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Is there any LaTeX package for typesetting algorithms in the style Donald Knuth uses in The Art of Computer Programming?

I know about the algorithm2e package, but I am looking for something that produces output like this:

1. [Check for lower bound.] If X < lower_bound, go to 3.

2. [Check for upper bound.] If X > upper_bound, go to 4.

...

I suppose I can use \newcommand and define my own macro, but I was hoping for something with more intelligence.

migrated from stackoverflow.com Feb 9 '12 at 22:04

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  • 9
    Just as a matter of personal opinion, Knuth’s style of typesetting algorithms is horrible. He intentionally shirks control structure and only uses jumps, which completely obscures the structure of the algorithm – this is the last thing you want for pseudocode. He also groups several operations in a single statement, thus obscuring the code further. Please don’t use this style. – Konrad Rudolph Feb 9 '12 at 14:00
  • 2
    @Konrad: I am actually just trying to describe a series of steps, not a computer algorithm. For that, I think Knuth's style is appropriate. – Ralph Feb 10 '12 at 11:51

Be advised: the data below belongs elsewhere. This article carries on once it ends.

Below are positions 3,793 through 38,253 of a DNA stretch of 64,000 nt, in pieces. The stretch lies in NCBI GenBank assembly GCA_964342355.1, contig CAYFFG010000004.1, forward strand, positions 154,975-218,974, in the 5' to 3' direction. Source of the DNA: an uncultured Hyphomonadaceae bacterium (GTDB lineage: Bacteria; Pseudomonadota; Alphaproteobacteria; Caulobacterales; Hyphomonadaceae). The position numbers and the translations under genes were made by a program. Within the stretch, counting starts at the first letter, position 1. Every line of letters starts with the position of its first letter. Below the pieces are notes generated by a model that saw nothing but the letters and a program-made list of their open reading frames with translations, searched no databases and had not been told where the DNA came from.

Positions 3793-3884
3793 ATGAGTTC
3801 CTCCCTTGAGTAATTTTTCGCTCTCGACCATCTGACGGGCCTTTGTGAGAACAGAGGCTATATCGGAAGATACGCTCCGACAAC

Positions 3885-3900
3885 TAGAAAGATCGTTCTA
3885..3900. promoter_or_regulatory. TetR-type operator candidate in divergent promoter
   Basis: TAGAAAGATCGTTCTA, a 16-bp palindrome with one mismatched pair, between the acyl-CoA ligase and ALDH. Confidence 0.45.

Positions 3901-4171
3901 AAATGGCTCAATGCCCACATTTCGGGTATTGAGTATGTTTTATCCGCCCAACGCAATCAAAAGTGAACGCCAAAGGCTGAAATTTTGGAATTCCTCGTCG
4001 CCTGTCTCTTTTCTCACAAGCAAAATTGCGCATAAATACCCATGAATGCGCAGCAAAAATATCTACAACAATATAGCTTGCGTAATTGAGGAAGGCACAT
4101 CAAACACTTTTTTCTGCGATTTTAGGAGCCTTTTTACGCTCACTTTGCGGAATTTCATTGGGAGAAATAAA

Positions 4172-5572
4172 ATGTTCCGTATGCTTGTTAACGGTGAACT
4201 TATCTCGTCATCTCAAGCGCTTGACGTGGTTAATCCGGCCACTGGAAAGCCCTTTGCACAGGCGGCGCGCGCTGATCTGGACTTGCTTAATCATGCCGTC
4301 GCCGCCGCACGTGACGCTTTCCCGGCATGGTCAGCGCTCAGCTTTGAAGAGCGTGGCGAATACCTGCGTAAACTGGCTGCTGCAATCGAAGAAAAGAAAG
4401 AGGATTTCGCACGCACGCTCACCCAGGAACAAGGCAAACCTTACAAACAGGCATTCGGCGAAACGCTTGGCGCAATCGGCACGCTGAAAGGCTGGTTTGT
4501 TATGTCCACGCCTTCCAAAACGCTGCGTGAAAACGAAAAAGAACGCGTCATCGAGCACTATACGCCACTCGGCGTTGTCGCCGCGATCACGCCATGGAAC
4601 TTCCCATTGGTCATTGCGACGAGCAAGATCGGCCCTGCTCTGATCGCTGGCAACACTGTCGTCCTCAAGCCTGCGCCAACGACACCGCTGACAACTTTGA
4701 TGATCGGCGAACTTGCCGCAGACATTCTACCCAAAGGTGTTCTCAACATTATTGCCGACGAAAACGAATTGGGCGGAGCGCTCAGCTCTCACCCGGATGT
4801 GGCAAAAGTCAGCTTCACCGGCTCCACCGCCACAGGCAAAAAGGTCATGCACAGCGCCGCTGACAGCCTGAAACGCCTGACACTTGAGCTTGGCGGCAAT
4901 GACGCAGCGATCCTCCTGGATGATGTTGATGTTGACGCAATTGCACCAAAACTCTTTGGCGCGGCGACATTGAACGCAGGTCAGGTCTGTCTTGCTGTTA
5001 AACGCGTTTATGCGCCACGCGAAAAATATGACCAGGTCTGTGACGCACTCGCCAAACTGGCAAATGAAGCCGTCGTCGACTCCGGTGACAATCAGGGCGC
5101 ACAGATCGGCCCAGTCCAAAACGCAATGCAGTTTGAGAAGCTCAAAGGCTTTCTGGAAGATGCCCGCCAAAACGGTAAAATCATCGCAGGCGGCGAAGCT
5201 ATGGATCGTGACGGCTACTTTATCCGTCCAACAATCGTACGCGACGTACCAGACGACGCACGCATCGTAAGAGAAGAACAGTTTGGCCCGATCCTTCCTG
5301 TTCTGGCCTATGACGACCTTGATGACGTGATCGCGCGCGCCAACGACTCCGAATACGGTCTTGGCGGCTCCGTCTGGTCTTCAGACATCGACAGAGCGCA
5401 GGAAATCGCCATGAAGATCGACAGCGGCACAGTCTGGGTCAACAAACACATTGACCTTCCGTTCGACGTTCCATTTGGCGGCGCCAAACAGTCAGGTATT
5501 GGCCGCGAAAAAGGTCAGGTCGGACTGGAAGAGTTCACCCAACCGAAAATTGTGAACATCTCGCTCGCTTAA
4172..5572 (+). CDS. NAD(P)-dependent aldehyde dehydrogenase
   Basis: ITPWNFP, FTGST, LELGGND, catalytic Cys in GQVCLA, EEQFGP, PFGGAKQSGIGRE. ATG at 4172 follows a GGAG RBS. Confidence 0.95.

8

You can use the listings package, which has support for typesetting literate code. You need to set the replacement parameters first using \lstset{literate=}. This will replace for example := with $\gets$ etc.

\documentclass{article}
\usepackage{graphicx}
\usepackage{listings}
\begin{document}
\lstset{literate={:=}{{$\gets$}}1 {<=}{{$\leq$}}1 {>=}{{$\geq$}}1 {<>}{{$\neq$}}1}
\begin{lstlisting}
var i:integer;
if (i<=0) i := 1;
if (i>=0) i := 0;
if (i<>0) i := 0;
\end{lstlisting}
\end{document}

The setting is a bit tedious and the details can be found on page 48 of the listings package (just texdoc listings) from a command prompt interface.

13

Actually, Donald Knuth's macros for writing The Art of Computer Programming are available online

These can be modified for LaTeX in a straightforward way, e.g.:

% These macros are borrowed from TAOCPMAC.tex
\newcommand{\slug}{\hbox{\kern1.5pt\vrule width2.5pt height6pt depth1.5pt\kern1.5pt}}
\def\xskip{\hskip 7pt plus 3pt minus 4pt}
\newdimen\algindent
\newif\ifitempar \itempartrue % normally true unless briefly set false
\def\algindentset#1{\setbox0\hbox{{\bf #1.\kern.25em}}\algindent=\wd0\relax}
\def\algbegin #1 #2{\algindentset{#21}\alg #1 #2} % when steps all have 1 digit
\def\aalgbegin #1 #2{\algindentset{#211}\alg #1 #2} % when 10 or more steps
\def\alg#1(#2). {\medbreak % Usage: \algbegin Algorithm A (algname). This...
  \noindent{\bf#1}({\it#2\/}).\xskip\ignorespaces}
\def\algstep#1.{\ifitempar\smallskip\noindent\else\itempartrue
  \hskip-\parindent\fi
  \hbox to\algindent{\bf\hfil #1.\kern.25em}%
  \hangindent=\algindent\hangafter=1\ignorespaces}
% end of borrowed macros

% For Example, with less than 10 steps:
% \algbegin X (Multiplication). blah blah blah blah...
% \algstep X1. [{\it Do stuff\/}] blah blah blah
% \algstep X2. Terminate the algorithm.\quad\slug

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